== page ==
The Association for Qualitative Research
The Hub of Qualitative Thinking

Foreword (InDepth Issue 17)

In this edition Kevin McLean enthuses about the different experience and benefits of what he terms "wild qualitative"; unstructured conversations with people as people rather than target consumers.

An analogy can be drawn between "wild qual"
and wild swimming. Dr Alice Roberts, in the BBC 4 series on
Wild Swimming, describes a journey full of mystery, doubt and
uncertainty, likening it to being a "leaf on a stream".

Kevin advocates getting out of the pool and into the lakes and
rivers as he argues for more experimentation with qual in the
real world. At the very least, he says, these kinds of conversations
could help on pitches and to prepare for projects. "Wild qual"
offers a number of advantages:

  • real world context, as opposed to the "consumer world" we collude in perpetuating;
  • fewer rationalizations, more direct and to the point;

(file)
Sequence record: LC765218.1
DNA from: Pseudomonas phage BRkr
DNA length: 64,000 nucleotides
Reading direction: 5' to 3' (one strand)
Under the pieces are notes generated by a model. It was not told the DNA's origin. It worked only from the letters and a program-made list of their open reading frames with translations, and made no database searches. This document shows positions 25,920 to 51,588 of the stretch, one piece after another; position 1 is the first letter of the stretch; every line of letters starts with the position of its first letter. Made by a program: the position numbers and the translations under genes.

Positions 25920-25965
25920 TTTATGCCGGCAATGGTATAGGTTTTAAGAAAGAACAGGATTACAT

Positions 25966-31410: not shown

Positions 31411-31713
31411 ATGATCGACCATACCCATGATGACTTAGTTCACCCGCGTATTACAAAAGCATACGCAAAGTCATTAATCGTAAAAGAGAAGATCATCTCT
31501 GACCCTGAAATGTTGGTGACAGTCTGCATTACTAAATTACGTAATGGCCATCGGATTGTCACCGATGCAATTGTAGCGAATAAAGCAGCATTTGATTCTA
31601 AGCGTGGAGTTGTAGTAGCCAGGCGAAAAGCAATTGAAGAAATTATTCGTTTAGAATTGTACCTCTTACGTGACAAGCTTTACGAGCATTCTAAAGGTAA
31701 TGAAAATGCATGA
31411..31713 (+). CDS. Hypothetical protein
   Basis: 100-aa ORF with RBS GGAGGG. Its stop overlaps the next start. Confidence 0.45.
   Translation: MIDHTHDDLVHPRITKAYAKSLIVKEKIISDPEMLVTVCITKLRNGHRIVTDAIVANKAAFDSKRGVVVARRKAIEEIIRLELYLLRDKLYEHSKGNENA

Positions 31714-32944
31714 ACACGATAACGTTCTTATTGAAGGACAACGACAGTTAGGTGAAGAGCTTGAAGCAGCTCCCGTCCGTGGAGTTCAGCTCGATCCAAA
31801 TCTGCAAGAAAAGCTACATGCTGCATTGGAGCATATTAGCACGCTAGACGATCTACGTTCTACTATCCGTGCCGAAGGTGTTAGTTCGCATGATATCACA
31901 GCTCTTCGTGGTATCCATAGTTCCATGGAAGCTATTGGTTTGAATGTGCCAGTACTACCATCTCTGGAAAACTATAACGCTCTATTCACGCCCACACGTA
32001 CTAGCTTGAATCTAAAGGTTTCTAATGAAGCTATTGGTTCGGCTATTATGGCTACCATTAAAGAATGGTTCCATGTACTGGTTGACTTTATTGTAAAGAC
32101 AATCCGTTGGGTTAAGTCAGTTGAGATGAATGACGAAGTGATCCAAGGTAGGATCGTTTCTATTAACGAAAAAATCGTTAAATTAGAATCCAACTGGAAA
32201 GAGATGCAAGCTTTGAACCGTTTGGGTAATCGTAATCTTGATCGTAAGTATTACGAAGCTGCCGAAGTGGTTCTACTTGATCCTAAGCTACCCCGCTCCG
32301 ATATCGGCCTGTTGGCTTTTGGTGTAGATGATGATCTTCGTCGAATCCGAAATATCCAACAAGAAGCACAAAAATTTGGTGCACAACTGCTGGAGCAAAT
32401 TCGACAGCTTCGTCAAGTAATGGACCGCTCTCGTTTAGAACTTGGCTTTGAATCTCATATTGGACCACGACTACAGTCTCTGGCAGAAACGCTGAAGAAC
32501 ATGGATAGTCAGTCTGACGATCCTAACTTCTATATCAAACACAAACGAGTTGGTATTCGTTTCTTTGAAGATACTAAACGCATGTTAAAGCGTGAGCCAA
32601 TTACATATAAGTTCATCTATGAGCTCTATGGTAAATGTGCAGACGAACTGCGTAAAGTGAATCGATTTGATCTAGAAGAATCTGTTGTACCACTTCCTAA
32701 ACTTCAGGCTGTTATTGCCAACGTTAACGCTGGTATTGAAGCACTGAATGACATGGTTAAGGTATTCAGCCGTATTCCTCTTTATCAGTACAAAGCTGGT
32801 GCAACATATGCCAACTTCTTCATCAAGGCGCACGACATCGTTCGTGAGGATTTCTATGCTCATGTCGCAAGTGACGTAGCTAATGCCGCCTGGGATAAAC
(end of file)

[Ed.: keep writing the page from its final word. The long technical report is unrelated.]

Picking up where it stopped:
• being more flexible tactically;
  • fresher and more creative output: new ideas and meanings arise spontaneously;
  • scope for further exploration e.g. behavioural experiments.

Of course, there is nothing new under the sun. Some of the
ideas discussed have already been put into practice, for example
by the late John Cronk. One of Kevin"s regrets is that, having
met John a few times, he"d wanted to share his thinking on "wild
research" with him earlier this year. Sadly, he was too late. For
those wanting to delve further, why not read John"s chapter in
Brand New Brand Thinking: Brought to Life by 11 Experts Who
Do, edited by Mark Earls and Merry Baskin (Kogan Page, 2002).
His article is dedicated to John and his family.

 

Geoff Bayley
Copyright © Association for Qualitative Research, 2012